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    Work and identity in Early Modern England

    Hailwood, M. and Waddell, Brodie (2023) Work and identity in Early Modern England. Transactions of the Royal Historical Society , ISSN 0080-4401.

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    Abstract

    How did work shape people's identity before industrial capitalism? It is a question that early modernists have never really got to grips with. Thanks to decades of research by social and cultural historians, we now have a much better understanding of how people in the past saw themselves and labelled those around them. But until recently scholars of early modern England have had surprisingly little to say about how a person's working life – their occupation, trade, vocation or livelihood – influenced their social identity. This essay is therefore an attempt to synthesise recent research on the subject into a more explicit historiographical intervention. Early modernists need to broaden their research to consider ‘working identities’ as a whole, rather than merely the narrower concept of ‘occupational identities’. By exploring how work influenced a person's self-image and social role, we can reshape our understanding of broader social relations in this period and challenge some of the ‘grand narratives’ of early modern social and economic change.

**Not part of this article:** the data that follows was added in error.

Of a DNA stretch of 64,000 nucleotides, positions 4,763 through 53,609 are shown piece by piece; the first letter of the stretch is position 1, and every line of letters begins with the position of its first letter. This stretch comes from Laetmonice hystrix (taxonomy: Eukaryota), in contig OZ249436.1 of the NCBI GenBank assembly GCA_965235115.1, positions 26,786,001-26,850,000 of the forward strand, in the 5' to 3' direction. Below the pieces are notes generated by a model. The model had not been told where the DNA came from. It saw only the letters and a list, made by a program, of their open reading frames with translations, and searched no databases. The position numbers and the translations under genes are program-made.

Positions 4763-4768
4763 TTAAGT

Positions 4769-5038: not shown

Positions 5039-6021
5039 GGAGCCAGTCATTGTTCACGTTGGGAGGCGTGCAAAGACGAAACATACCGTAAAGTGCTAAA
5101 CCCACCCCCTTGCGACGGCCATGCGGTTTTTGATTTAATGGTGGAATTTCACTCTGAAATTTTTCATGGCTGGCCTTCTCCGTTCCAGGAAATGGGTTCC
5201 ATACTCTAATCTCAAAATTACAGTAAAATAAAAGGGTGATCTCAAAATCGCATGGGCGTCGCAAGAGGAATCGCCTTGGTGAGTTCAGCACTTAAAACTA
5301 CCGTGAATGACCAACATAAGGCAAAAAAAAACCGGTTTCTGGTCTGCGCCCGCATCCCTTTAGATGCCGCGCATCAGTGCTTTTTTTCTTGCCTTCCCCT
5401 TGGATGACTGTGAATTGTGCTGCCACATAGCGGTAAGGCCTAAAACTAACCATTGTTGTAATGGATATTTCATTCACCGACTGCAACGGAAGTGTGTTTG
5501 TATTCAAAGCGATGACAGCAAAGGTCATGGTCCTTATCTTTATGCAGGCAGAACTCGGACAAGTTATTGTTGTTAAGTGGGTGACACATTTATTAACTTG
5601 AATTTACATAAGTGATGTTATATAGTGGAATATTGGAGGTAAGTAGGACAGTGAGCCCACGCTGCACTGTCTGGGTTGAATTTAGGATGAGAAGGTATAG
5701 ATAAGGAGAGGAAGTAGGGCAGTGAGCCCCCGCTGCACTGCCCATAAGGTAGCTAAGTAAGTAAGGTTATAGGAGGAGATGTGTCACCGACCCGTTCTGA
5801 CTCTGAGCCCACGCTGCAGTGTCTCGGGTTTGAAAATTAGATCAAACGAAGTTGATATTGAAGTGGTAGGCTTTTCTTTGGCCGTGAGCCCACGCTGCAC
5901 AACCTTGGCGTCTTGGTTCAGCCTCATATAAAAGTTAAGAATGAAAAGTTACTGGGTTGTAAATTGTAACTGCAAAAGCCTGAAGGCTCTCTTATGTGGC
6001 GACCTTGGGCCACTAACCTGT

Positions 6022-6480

Metadata

    Item Type: Article
    Keyword(s) / Subject(s): labour, identity, class, gender, occupation
    School: Birkbeck Faculties and Schools > Faculty of Humanities and Social Sciences > School of Historical Studies
    Depositing User: Brodie Waddell
    Date Deposited: 18 May 2023 14:48
    Last Modified: 02 Aug 2023 18:21
    URI: https://eprints.bbk.ac.uk/id/eprint/51202

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